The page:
Given how much it helped engage my mind and reduce stress in other areas of my life, reading massively improved my emotional resilience over the years. When there were stressors in my life that I can’t control, reading became a way to distract myself from the harsh realities of the world. In my pre-teen and early teen years, I devoured Nancy Drew mysteries with my best friend – these stories were a great way to engage my mind in analytic thinking and take my mind off external stressors. Reading about problems and struggles that other people face, whether in memoirs about health and healing or Nancy Drew fighting for her life, has helped me to put my own troubles into perspective. Reading these inspiring stories helped to instill hope in me that no problem is ever entirely insurmountable.
Reading Nancy Drew books, just like reading memoirs about mental health recovery or working in healthcare, exposed me to individuals who outwitted danger and fear with the help of others. Just as Nancy Drew succeeds with the help of her two best friends, individuals recovering from mental illness also need a robust support system. This support system includes psychiatrists, psychologists, friends, and family. Due to my own experiences as a child and young adult, I was subconsciously drawn to themes that had to do with helping others. These seemingly unconnected genres (mystery stories and self-help books/memoirs) were emotionally comforting and having them in common with my best friend allowed us to connect and develop our friendship.
Another capability that an early taste for reading allowed me to develop was my vocabulary and communication skills. Honing my language skills through reading helped me become more articulate. I learned to effectively convey my thoughts in a way that is engaging and mentally stimulating for the listener. This, in turn, shaped my conversation skills and my ability to connect with others. In addition, the expanded vocabulary I acquired through reading allowed me to become a better writer, refining my grammar and syntax as well as my overall word choices.
When the mind is engaged in the plot of a story, this is a valuable exercise in using short-term memory and concentration to maintain a flexible understanding of the plotline, characters, and themes. In this way, reading, writing, and telling stories improved my memory and concentration, cognitive skills that are essential in an academic setting. I am of the firm belief that my interest and ability to do well in an academic setting is in part due to my avid reading throughout my childhood and adolescence.
Beyond reading memoirs about mental illness, reading has also been a way for me to improve my self-esteem and confidence. It helps me to acquire knowledge about topics that interest me. Whenever I have questions or doubts about an issue or want to learn more about a particular subject, I turn to reading. Reading puts me in a better position to pass on knowledge to others, opening new gateways for communication and socializing as well as improving my confidence in social settings. No other activity confers benefits, both cognitive and emotional, to the same extent that reading does. Reading even helped me develop my discipline, because it requires much more patience than watching television, for instance, where events unfold almost instantaneously.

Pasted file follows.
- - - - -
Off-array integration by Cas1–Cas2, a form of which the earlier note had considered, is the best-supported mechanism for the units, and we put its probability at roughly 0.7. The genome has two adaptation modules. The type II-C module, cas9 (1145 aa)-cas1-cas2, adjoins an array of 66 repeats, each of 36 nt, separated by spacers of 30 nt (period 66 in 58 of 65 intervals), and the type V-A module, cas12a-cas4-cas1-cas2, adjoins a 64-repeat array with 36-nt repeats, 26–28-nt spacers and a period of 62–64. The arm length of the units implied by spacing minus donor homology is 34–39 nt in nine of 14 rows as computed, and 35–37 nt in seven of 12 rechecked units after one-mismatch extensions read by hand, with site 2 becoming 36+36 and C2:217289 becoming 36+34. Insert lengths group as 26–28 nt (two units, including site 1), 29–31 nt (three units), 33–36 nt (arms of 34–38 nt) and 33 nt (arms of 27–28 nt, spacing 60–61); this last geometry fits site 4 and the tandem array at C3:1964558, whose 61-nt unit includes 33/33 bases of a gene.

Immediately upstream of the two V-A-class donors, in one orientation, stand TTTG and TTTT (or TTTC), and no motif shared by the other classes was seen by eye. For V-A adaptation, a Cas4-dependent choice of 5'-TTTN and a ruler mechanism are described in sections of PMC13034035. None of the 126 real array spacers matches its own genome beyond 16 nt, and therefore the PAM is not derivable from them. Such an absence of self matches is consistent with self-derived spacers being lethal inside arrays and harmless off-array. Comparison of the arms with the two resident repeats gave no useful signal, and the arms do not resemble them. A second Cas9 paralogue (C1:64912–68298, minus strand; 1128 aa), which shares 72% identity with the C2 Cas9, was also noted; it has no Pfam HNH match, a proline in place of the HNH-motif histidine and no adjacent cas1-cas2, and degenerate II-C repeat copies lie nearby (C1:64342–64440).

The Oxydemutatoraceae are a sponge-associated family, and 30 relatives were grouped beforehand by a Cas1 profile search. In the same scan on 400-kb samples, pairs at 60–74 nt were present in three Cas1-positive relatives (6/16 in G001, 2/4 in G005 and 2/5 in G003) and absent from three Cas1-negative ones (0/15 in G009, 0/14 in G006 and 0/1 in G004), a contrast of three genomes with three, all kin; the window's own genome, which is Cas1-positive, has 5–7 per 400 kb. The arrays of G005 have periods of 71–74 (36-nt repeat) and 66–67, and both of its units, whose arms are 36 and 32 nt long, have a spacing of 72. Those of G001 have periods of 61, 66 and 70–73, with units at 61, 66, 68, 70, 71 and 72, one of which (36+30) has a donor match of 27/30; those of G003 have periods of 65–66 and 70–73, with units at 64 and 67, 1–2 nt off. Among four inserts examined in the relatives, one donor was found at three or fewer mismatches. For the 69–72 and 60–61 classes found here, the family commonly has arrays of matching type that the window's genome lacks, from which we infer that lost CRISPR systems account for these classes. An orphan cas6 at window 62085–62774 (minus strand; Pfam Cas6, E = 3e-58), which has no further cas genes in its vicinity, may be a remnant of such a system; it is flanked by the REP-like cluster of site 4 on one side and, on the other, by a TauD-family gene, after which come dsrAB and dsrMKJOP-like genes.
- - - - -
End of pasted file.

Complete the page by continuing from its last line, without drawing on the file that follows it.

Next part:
Overall, reading, writing, and telling stories throughout my childhood and adolescence allowed me to develop into the woman I am today. Reading nurtured my imagination, helped me connect with those around me, broadened my horizons, and helped me improve many of my cognitive skills. Memory, concentration, logic, analytic thinking, communication, and my vocabulary are all cognitive capabilities I have refined through reading. As a psychiatric researcher and healthcare provider, a commitment to reading memoirs about mental health recovery from the perspective of patients, as well as memoirs written by health professionals, has helped me nurture and hone my empathy and compassion. This in turn has helped make me a more caring, thoughtful, inquisitive, and resilient human being.
Although I was subconsciously drawn to seemingly very different genres – mysteries, and memoirs – they both helped me (in similar ways) to cope with my own mental health struggles. Most importantly, they helped me to recognize and value human connection. In the future, I feel that the skills I acquired through reading books about health and healing during my formative years will help me to be a better friend, a better healthcare provider, and a healthier person overall.
Athena Milios is a psychiatric researcher based in Halifax, Nova Scotia